A Hundred Thousand Reasons Why
January 19, 2016 § Leave a comment
Graduate school has given me new lenses through which to enjoy the media that I consume. I know, better than ever, how to read books for pleasure and how to gauge their effect on my own patterns of writing and speech. A good diet of fiction and nonfiction, in several different genres and mediums, has made me a more thoughtful and articulate person, there’s no denying that
It has also ruined more than a few aspects of the media that I consume. I’m going to write about the negative rather than the positive here, because it’s more fun.
As of the composition of this blog post, I have read five pages of N.K. Jemisin’s 2010 debut novel The Hundred Thousand Kingdoms. As of yet, I have no idea if it’s a good novel or not: it was nominated for a Nebula and a Hugo but lost both to Connie Willis’ Blackout/All Clear. It’s certainly well-written, with a lucid style that is still dense without coming off as self-involved. It also reminds me that my dissertation work, which primarily focuses on familial networks of power among the rural elites of twelfth- and thirteenth-century Italy, has totally destroyed my ability to appreciate fantasy novels, particularly when they hinge upon political maneuverings between aristocrats of a royal or consular court in neo-medieval style.
Even the best authors make assumptions. Writing a book on anything, let alone the actions of multiple persons in a world invented from whole cloth, takes an immense amount of effort and it’s not only preferable but necessary that shortcuts are taken where they present themselves. Jemisin has committed no great sin by partaking in the blend of tenth-century Byzantium, the fifteenth-century War of the Roses, sixteenth-century Machiavelli, the eighteenth-century court at Versailles, and the glamour of prewar Monaco in the twentieth century from which have been drawn the popular understanding of nobility in the English-speaking world from Sleeping Beauty to Game of Thrones, especially if she uses it at the basis for an interesting and compassionate narrative.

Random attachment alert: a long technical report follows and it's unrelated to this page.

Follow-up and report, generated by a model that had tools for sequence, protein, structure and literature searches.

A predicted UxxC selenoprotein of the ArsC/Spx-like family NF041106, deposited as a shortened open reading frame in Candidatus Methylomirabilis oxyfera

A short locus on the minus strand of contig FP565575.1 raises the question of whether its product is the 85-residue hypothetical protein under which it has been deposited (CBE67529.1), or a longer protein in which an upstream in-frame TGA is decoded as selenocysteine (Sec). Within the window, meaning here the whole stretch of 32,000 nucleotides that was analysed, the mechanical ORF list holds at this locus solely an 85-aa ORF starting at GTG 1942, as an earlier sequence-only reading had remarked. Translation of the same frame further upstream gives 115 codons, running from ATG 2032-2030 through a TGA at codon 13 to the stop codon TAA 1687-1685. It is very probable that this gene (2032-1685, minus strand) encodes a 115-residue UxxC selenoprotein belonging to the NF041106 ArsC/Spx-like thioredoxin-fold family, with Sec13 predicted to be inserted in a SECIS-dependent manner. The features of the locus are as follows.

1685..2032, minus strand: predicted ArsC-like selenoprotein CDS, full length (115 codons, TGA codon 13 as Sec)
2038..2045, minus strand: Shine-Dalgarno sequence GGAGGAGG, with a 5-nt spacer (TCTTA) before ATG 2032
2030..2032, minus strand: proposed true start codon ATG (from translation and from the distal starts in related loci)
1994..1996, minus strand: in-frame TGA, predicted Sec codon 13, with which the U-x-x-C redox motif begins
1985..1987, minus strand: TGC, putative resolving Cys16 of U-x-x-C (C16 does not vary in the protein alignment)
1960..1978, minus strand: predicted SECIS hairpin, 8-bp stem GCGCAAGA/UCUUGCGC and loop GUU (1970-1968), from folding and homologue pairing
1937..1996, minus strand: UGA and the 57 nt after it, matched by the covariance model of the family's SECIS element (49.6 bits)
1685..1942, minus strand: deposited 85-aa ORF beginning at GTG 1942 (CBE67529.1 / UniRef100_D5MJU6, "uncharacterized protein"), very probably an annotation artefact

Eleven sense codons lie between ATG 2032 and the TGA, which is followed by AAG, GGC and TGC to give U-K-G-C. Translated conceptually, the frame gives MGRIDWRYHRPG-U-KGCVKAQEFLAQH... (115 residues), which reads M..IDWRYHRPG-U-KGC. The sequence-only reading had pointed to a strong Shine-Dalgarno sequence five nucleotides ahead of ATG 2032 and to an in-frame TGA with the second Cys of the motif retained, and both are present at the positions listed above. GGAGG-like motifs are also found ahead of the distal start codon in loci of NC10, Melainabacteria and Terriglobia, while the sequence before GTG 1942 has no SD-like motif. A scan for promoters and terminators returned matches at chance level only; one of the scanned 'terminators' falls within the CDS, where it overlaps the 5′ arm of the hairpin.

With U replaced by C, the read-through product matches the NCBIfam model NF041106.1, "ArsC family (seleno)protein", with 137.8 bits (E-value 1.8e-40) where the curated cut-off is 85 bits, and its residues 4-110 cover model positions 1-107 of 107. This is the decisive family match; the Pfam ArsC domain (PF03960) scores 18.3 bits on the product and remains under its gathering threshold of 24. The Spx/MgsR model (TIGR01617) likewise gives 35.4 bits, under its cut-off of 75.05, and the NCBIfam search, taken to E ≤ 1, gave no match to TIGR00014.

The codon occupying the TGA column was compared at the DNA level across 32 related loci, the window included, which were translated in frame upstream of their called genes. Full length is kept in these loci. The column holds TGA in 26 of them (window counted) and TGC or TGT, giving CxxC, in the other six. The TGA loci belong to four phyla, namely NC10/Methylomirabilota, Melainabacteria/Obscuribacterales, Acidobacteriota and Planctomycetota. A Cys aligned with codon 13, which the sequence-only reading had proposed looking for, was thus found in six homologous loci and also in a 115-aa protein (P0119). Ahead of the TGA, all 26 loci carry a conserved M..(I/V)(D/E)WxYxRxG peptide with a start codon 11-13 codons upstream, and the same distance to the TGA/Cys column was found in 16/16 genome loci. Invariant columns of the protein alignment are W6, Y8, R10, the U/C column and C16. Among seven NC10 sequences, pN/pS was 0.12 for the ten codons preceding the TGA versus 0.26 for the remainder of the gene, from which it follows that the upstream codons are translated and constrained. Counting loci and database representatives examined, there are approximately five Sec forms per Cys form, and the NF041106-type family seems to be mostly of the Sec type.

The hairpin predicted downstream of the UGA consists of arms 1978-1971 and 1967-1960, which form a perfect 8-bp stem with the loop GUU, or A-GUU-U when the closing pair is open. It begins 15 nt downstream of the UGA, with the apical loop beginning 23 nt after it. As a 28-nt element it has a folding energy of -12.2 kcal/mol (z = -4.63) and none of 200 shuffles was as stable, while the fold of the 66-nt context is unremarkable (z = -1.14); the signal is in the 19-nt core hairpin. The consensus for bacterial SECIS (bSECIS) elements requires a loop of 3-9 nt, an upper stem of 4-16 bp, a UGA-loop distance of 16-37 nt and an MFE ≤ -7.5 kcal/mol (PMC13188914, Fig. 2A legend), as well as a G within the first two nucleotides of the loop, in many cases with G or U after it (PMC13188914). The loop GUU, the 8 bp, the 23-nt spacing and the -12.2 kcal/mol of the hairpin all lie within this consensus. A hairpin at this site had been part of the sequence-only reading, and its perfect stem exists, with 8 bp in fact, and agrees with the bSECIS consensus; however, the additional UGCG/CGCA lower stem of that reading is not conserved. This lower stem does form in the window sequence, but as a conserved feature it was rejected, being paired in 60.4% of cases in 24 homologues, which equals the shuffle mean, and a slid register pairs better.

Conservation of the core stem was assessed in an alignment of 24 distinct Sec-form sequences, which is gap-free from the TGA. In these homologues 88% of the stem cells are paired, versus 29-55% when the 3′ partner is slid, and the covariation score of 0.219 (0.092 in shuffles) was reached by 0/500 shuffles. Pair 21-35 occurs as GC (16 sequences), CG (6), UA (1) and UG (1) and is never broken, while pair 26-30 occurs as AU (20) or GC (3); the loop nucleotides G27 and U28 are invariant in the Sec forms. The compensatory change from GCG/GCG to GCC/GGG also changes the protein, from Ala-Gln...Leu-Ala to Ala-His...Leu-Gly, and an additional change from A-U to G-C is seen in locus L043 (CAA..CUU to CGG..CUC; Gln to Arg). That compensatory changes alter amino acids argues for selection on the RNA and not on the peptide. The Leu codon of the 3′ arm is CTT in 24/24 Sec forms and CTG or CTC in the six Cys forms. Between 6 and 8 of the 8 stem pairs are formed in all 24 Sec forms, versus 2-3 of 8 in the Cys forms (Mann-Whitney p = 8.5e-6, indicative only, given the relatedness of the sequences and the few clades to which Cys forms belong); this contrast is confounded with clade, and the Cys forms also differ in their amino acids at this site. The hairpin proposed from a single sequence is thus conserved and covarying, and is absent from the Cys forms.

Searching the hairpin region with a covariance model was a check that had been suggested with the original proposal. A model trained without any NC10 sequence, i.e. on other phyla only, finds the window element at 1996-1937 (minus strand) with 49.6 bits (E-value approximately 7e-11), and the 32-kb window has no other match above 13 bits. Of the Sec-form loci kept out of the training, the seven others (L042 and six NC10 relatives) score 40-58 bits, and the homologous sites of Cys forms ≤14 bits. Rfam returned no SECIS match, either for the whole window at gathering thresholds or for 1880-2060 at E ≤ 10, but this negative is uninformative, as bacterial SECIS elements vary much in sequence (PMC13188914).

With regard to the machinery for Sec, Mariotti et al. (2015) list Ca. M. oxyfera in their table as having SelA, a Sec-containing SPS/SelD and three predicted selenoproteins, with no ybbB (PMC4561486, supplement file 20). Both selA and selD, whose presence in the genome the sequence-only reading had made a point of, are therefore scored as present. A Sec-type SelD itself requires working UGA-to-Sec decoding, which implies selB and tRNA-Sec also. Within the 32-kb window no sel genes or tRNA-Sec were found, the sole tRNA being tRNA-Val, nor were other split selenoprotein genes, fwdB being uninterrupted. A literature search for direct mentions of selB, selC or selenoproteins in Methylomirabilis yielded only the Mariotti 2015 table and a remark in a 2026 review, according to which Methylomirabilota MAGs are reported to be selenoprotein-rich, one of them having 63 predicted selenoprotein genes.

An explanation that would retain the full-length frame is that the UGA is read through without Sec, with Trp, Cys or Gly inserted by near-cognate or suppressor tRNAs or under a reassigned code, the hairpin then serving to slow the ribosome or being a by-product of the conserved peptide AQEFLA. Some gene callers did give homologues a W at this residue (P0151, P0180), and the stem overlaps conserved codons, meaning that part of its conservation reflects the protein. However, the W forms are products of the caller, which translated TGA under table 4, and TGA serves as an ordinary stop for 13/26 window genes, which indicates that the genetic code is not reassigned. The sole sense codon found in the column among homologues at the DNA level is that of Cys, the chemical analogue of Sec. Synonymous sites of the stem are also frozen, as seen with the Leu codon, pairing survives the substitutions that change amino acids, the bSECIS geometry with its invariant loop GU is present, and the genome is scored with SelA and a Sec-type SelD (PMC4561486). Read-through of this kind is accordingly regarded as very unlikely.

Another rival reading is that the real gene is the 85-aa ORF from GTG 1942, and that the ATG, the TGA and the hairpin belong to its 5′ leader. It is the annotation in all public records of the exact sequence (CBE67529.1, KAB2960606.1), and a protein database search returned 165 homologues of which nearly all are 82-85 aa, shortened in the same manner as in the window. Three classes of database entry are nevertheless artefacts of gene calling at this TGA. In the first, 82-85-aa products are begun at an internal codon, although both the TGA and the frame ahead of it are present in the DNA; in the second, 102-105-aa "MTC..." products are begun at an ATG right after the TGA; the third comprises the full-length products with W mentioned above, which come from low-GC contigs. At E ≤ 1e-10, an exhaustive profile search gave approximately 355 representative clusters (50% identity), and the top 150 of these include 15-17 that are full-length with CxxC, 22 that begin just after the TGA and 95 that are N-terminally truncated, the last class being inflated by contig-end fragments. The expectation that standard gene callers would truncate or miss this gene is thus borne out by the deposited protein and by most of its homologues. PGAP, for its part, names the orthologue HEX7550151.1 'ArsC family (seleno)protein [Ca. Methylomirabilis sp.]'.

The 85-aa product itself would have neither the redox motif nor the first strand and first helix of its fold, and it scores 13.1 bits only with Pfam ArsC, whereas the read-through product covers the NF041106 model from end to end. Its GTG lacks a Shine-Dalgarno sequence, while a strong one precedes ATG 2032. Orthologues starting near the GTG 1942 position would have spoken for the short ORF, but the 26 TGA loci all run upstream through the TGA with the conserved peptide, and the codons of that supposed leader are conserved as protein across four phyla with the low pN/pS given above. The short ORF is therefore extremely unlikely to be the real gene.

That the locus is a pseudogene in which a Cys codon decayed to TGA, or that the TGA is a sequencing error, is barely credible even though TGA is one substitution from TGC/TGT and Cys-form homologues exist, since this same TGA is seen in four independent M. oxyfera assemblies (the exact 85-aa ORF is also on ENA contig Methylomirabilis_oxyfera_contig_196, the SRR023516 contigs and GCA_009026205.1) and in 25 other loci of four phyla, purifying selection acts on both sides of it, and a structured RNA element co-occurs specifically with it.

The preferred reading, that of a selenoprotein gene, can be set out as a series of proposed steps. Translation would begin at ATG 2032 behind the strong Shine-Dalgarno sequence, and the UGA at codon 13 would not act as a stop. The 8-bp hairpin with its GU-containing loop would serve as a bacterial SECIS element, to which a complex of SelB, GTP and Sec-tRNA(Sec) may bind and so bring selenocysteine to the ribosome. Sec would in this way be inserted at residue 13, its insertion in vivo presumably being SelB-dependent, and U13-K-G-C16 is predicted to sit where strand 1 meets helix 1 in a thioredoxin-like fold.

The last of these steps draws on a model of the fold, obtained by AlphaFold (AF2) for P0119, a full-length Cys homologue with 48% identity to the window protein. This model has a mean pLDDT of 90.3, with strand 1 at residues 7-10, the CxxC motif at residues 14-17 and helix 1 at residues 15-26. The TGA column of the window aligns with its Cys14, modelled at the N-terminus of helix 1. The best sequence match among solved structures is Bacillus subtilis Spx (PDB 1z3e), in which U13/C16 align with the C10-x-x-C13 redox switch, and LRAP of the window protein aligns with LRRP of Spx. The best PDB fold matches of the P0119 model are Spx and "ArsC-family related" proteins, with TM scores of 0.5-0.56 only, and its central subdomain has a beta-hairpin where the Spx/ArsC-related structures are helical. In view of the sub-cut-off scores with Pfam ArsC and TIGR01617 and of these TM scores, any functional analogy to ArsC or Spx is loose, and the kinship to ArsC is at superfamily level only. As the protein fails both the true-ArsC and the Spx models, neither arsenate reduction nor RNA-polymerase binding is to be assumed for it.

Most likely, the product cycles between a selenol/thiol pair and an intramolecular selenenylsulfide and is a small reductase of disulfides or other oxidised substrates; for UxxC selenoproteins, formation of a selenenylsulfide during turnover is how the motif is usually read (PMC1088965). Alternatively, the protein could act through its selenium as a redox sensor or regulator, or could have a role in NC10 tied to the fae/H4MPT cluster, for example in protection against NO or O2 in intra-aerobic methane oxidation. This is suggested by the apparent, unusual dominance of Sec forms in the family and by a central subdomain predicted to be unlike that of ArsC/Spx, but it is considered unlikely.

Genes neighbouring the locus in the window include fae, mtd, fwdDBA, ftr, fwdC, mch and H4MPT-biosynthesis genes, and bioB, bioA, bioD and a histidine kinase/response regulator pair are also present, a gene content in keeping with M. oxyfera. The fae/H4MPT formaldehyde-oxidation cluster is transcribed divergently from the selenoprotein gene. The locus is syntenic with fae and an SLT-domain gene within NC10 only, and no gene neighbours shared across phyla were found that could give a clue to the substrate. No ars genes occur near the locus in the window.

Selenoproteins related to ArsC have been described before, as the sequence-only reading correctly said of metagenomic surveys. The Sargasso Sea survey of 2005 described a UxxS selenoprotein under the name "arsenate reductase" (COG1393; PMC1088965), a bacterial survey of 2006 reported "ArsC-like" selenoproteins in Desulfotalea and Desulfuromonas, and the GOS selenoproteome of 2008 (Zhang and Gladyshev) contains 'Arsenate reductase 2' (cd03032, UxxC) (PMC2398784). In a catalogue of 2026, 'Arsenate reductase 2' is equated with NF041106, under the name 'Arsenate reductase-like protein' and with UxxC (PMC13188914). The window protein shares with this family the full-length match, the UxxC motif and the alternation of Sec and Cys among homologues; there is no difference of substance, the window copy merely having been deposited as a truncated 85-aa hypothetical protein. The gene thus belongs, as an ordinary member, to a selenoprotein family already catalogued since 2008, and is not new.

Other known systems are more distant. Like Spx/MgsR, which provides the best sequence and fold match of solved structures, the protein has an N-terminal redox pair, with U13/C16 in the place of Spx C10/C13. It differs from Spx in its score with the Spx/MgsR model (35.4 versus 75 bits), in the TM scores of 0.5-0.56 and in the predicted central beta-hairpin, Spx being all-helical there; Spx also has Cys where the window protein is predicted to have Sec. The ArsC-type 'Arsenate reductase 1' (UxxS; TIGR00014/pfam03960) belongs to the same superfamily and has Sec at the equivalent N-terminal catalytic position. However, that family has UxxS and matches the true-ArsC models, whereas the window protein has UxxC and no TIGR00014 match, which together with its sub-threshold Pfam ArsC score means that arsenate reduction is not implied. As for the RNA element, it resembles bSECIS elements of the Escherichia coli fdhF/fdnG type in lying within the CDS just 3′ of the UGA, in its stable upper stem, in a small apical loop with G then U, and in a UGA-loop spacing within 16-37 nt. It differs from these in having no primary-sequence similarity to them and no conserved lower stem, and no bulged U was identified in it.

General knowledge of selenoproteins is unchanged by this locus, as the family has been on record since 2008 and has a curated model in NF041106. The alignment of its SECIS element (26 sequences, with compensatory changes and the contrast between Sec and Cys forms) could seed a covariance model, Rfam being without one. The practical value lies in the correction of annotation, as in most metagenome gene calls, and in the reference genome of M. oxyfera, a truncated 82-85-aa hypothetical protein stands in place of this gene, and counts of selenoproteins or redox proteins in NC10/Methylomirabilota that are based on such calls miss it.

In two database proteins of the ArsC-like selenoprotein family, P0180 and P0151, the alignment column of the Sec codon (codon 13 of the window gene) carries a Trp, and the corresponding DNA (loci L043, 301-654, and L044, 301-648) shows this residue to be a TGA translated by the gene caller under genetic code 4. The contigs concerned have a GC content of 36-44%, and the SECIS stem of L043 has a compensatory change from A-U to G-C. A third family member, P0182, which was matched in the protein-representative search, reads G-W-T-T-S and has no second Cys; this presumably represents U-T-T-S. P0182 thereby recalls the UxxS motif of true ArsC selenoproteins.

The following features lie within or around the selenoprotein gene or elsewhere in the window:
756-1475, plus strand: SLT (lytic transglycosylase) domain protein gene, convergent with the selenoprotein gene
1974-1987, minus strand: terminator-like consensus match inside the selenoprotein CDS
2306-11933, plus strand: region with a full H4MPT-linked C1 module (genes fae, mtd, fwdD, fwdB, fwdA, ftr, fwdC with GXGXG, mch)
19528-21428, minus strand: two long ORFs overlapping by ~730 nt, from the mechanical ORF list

No, it just bugs me, because I’m awful. What follows is a non-inclusive list of all the ways that it bugs me, from the five pages of The Hundred Thousand Kingdoms that I read:
- The novel opens with mention of an aristocratic ball, thrown semi-regularly as a sop to the dignity of the “lesser nobility.” Works of fantasy do this all the time and it’s incredibly annoying to me, because it’s one of those things that just seems to happen and the I’m rarely told how and why. Who throws it, the monarch (if there’s even a monarch) or the great and powerful? What’s its purpose, is it an expression of the host’s power in particular or the power of tradition in general? These things aren’t cheap, someone has to benefit and it would be helpful to know who it is. As it stands, it’s almost like such events are run like aristocratic welfare or something.
- That reference to “lesser nobility” introduces several more about “councils” and “consortia.” The elite of the Middle Ages did act in concert to preserve their authority against outside challenges, but oftentimes this fact is parlayed in works of fantasy into various semi-formal regulatory bodies of the elite themselves. Why would anyone, least of all the most powerful people in the realm, submit to such close oversight? You do know that this group of people had the primary occupation of killing each other, up until the unification of Germany and Italy in the modern era, right? I’m sure there are appearances to be kept (there always are), but when the patriarchs or matriarchs of great families are forced to execute problem children in order to preserve the family name in some novel, I just wonder what exactly would happen if they refused. One could argue that the very definition of aristocratic power is the ability to ignore the law…
- Speaking of, make your bases of aristocratic power subtle if you want its exercise to be. Barring the favorites of a specific king or queen—or, as happened more often in the empires of East Asia, a primary consort—no elite family was ever just the “most powerful” without qualification. Are they powerful through blood, marriage, land, manpower, wealth, or institutional structure? Assuming that the realm is of a certain size or more, where is that power localized and by what means do they project it elsewhere? These are interesting questions to answer and make the characters to whom they apply less generic, please answer them.